12.3.2.1. Sample AWS provider specification

When you create a control plane machine set for an existing cluster, the provider specification must match the providerSpec configuration in the control plane machine CR that is created by the installation program. You can omit any field that is set in the failure domain section of the CR.

In the following example, <cluster_id> is the infrastructure ID that is based on the cluster ID that you set when you provisioned the cluster. If you have the OpenShift CLI installed, you can obtain the infrastructure ID by running the following command:

$ oc get -o jsonpath='{.status.infrastructureName}{"\n"}' infrastructure cluster

Sample AWS providerSpec values

providerSpec:
  value:
    ami:
      id: ami-<ami_id_string> 1
    apiVersion: machine.openshift.io/v1beta1
    blockDevices:
    - ebs: 2
        encrypted: true
        iops: 0
        kmsKey:
          arn: ""
        volumeSize: 120
        volumeType: gp3
    credentialsSecret:
      name: aws-cloud-credentials 3
    deviceIndex: 0
    iamInstanceProfile:
      id: <cluster_id>-master-profile 4
    instanceType: m6i.xlarge 5
    kind: AWSMachineProviderConfig 6
    loadBalancers: 7
    - name: <cluster_id>-int
      type: network
    - name: <cluster_id>-ext
      type: network
    metadata:
      creationTimestamp: null
    metadataServiceOptions: {}
    placement: 8
      region: <region> 9
    securityGroups:
    - filters:
      - name: tag:Name
        values:
        - <cluster_id>-master-sg 10
    subnet: {} 11
    userDataSecret:
      name: master-user-data 12

1
Specifies the Red Hat Enterprise Linux CoreOS (RHCOS) Amazon Machine Images (AMI) ID for the cluster. The AMI must belong to the same region as the cluster. If you want to use an AWS Marketplace image, you must complete the OpenShift Container Platform subscription from the AWS Marketplace to obtain an AMI ID for your region.
2
Specifies the configuration of an encrypted EBS volume.
3
Specifies the secret name for the cluster. Do not change this value.
4
Specifies the AWS Identity and Access Management (IAM) instance profile. Do not change this value.
5
Specifies the AWS instance type for the control plane.
6
Specifies the cloud provider platform type. Do not change this value.
7
Specifies the internal (int) and external (ext) load balancers for the cluster.
Note

You can omit the external (ext) load balancer parameters on private OpenShift Container Platform clusters.

8
This parameter is configured in the failure domain, and is shown with an empty value here. If a value specified for this parameter differs from the value in the failure domain, the Operator overwrites it with the value in the failure domain.
9
Specifies the AWS region for the cluster.
10
Specifies the control plane machines security group.
11
This parameter is configured in the failure domain, and is shown with an empty value here. If a value specified for this parameter differs from the value in the failure domain, the Operator overwrites it with the value in the failure domain.
12
Specifies the control plane user data secret. Do not change this value.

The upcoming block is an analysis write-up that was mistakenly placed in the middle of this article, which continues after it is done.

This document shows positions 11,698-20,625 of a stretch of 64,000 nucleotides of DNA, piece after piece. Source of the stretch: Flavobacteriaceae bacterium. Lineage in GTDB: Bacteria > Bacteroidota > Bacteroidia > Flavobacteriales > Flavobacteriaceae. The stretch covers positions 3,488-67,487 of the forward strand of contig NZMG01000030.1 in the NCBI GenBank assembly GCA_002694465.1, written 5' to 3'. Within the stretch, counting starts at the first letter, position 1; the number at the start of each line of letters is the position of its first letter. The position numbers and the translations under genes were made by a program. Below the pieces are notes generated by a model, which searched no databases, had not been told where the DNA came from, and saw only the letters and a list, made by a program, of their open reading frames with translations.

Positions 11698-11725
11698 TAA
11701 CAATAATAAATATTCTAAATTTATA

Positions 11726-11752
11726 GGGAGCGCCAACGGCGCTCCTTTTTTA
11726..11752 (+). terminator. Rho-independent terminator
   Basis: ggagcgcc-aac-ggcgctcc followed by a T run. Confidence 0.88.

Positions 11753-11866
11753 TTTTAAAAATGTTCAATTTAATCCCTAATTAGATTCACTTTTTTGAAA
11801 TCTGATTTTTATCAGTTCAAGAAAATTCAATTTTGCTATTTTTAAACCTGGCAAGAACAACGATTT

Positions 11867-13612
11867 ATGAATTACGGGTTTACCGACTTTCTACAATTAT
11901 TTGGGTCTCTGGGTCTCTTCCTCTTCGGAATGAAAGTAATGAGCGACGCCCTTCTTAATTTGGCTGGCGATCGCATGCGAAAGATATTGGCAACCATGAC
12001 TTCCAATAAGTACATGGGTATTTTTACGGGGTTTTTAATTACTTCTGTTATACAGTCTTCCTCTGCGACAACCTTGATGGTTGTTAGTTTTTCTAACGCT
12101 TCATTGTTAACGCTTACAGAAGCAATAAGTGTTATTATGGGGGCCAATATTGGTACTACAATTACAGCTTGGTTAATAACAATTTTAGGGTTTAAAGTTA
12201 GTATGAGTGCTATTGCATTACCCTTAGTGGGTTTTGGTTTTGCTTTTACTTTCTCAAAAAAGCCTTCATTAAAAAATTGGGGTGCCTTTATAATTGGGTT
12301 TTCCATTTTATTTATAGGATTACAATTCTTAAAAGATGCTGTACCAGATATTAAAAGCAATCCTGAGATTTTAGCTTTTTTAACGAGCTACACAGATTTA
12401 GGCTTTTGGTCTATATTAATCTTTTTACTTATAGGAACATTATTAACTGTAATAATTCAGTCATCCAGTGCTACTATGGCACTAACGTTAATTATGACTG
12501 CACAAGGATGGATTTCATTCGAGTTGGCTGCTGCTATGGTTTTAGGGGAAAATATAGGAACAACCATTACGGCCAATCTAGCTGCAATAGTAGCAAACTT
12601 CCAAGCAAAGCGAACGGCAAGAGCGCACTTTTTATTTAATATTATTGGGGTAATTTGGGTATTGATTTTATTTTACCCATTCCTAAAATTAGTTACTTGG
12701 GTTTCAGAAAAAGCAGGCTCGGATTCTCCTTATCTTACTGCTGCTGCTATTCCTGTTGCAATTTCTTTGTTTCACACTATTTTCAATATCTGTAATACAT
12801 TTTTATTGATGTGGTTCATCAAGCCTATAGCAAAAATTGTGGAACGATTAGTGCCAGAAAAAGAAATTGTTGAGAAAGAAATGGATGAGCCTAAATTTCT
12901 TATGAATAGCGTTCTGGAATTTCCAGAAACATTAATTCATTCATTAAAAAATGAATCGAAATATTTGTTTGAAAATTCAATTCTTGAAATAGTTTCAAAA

12.3.2.2. Sample AWS failure domain configuration

The control plane machine set concept of a failure domain is analogous to existing AWS concept of an Availability Zone (AZ). The ControlPlaneMachineSet CR spreads control plane machines across multiple failure domains when possible.

When configuring AWS failure domains in the control plane machine set, you must specify the availability zone name and the subnet to use.

Sample AWS failure domain values

failureDomains:
  aws:
  - placement:
      availabilityZone: <aws_zone_a> 1
    subnet: 2
      filters:
      - name: tag:Name
        values:
        - <cluster_id>-private-<aws_zone_a> 3
      type: Filters 4
  - placement:
      availabilityZone: <aws_zone_b> 5
    subnet:
      filters:
      - name: tag:Name
        values:
        - <cluster_id>-private-<aws_zone_b> 6
      type: Filters
  platform: AWS 7

1
Specifies an AWS availability zone for the first failure domain.
2
Specifies a subnet configuration. In this example, the subnet type is Filters, so there is a filters stanza.
3
Specifies the subnet name for the first failure domain, using the infrastructure ID and the AWS availability zone.
4
Specifies the subnet type. The allowed values are: ARN, Filters and ID. The default value is Filters.
5
Specifies the subnet name for an additional failure domain, using the infrastructure ID and the AWS availability zone.
6
Specifies the cluster’s infrastructure ID and the AWS availability zone for the additional failure domain.
7
Specifies the cloud provider platform name. Do not change this value.

12.3.3. Sample YAML for configuring Google Cloud Platform clusters

Some sections of the control plane machine set CR are provider-specific. The example YAML in this section show provider specification and failure domain configurations for a Google Cloud Platform (GCP) cluster.

12.3.3.1. Sample GCP provider specification

When you create a control plane machine set for an existing cluster, the provider specification must match the providerSpec configuration in the control plane machine custom resource (CR) that is created by the installation program. You can omit any field that is set in the failure domain section of the CR.